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tv   Washington This Week  CSPAN  October 14, 2013 2:00am-4:01am EDT

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be examined to ensure the tax dollars spent go to support u.s. objectives. this hearing today i feel is important and a first step to help ensuring in another 20 years, we will not i look forward to hearing from the witness today and thank you to the chairman for pushing forward on this and i think it is a good show we are still having hearings and moving forward even with the shutdown. thank you for being here. >> thank you thomas senator flake. we encourage you to keep opening remarks to five minutes for stop the first, madam secretary. >> good afternoon. , it is myoons pleasure to appear before you to talk about somalia. reminded me this my first hearing since taking over my position. ,t really is important for me
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somalia will remain a top foreign-policy for the department of state as it has been for the obama administration. this past year marks some changes in somalia and in our bilateral relationship with somalia. the election was a welcome of a lyrical -- was "stop because of the support for the peace process and the leadership role of our regional partners notably the african union and the intergovernmental authority. on january 17, we formally recognize the federal government of somalia after two decades a transitional government. nonetheless, the u.s. government also understood very clearly that somalia would face considerable challenges as it
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worked to rebuild its statehood. the successes of the african union mission in somalia, contribute companies and strategic partners to combat al- shabaab are demonstrating the strength of an action -- african led a model. this-based al qaeda affiliate is a dangerous present. the terrorist attacks on the west gate shopping mall for which al-shabaab has taken credit is a chilling example of the challenges for somalia and the region. extremism inggests the corner of africa maybe he bought them. it also makes clear that al- shabaab poses a threat to u.s. partner nations and american citizens and u.s. interests in the region and elsewhere. al-shabaab must be stopped. the federal government of somalia must is increased if capacity.
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unified a fractured political theem and provide to somalia people. for all of this, the government needs our support and much more. our primary interest is amalia at helping people of somalia build a peaceful nation that is stable with a stable government that is able to ensure civil security and services for its citizens. to turn to what our policy engagement in somalia. admission of the federal government of somalia, our policy had three primary elements. provide support for african andn mission in somalia strategic partner, ethiopia to combat al-shabaab and political space -- and provide political space for the government to operate.
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second, we wanted to respond to demand debt to the humanitarian crisis -- we want to respond to the humanitarian crisis. and the dual policy. , the threetion elements of our somalian policy has evolved and is as. first we continue to support the primary stable force in somalia. as we expand our assistance to somali national army to build capacity. 2007-2013, the unisys obligated -- the united states obligated support. in addition to our contributions for the u.n. logistics. during the same period, we propagated to support the national -- promulgated to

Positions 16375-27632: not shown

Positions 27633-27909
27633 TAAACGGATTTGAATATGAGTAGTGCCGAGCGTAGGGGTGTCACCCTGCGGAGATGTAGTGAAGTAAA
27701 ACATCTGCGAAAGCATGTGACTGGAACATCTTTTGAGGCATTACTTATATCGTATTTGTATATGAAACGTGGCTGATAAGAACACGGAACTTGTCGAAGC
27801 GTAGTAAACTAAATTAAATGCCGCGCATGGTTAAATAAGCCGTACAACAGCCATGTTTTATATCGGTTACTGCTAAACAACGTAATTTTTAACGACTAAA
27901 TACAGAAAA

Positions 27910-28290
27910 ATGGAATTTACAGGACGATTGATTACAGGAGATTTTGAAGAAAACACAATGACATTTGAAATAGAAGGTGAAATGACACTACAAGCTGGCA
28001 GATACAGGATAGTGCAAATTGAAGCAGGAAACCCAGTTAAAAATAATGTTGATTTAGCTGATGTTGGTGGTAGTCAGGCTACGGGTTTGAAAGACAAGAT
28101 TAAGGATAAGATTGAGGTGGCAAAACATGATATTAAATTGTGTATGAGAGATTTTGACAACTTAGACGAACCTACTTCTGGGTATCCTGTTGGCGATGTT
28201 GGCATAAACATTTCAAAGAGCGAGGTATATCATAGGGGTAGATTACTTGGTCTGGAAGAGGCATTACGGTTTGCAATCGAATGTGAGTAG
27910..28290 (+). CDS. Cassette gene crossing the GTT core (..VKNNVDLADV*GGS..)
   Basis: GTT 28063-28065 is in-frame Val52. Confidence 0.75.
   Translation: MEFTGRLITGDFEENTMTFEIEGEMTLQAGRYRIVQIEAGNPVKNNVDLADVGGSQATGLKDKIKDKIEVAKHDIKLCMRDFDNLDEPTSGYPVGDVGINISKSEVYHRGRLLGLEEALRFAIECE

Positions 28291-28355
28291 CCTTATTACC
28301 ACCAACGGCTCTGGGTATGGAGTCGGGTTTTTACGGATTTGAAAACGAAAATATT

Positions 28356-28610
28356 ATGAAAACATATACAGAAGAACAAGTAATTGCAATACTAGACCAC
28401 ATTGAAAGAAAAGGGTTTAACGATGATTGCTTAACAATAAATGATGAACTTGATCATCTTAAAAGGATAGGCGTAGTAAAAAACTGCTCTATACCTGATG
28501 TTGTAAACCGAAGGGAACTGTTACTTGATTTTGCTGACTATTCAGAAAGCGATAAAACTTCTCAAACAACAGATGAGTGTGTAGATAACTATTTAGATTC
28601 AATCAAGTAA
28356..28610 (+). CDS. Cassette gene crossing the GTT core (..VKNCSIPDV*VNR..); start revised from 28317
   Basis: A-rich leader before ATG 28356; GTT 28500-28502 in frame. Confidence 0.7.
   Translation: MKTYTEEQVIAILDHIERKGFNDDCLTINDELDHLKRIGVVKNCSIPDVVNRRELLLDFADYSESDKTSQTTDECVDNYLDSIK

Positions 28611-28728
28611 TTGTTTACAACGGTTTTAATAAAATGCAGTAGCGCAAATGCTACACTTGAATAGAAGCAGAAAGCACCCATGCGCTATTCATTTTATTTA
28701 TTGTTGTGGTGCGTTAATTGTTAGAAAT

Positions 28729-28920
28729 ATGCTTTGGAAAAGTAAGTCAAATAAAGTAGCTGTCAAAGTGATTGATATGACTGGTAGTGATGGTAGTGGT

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support the national army. we have shifted focus from humanitarian crisis response now concentrating on security and the foundation for economic recovery. nearly $140rovided million in funding to support , democracy,lization and economic growth activities. our dual track concluded with the successful completion of the peace process and recognition of the federal government of somalia. the united states has underscored the importance of outreach and engagement with the regional administrations to form the federal framework. we'll cut into font humanitarian assistance and civil society programs -- we will continue to provide humanitarian assistance and civil society programs. it includes an emphasis on human
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accountability, countering human trafficking and fiscal management. tragic and cowardly attack at kenya's civilians westgate mall has underscored vulnerabilities and the horn of africa and demonstrate that al- shabaab has the capable network in the east africa that is willing to carry out attacks outside of somalia. from the pressure somali national army has weakened al-shabaab to wage conventional military offenses and to hold territory inside of somalia. we contribute to success to the african land models for achieving greater stability. however, al-shabaab can still conduct this demolition processes. destabilization processes. what furthering resources we can provide to
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shore up effort to support their efforts and secure the border and its neighbors and contribute to the international effort to shape the somali national army and to professional and effective force. for the united states to effectively engage in these localx issues, understand dynamics, build relations and manage our expanding programs, we eventually needed to establish a permanent u.s. diplomatic presence there. ultimately, it is an security conditions in somalia that would dictate when we can establish a more permanent presence and recognize the time as not right for that at this time. however, we are moving in that direction. our posture allows for a nairobi-based team to travel to the somali capital and other key regions with increased frequency and duration as security conditions permit.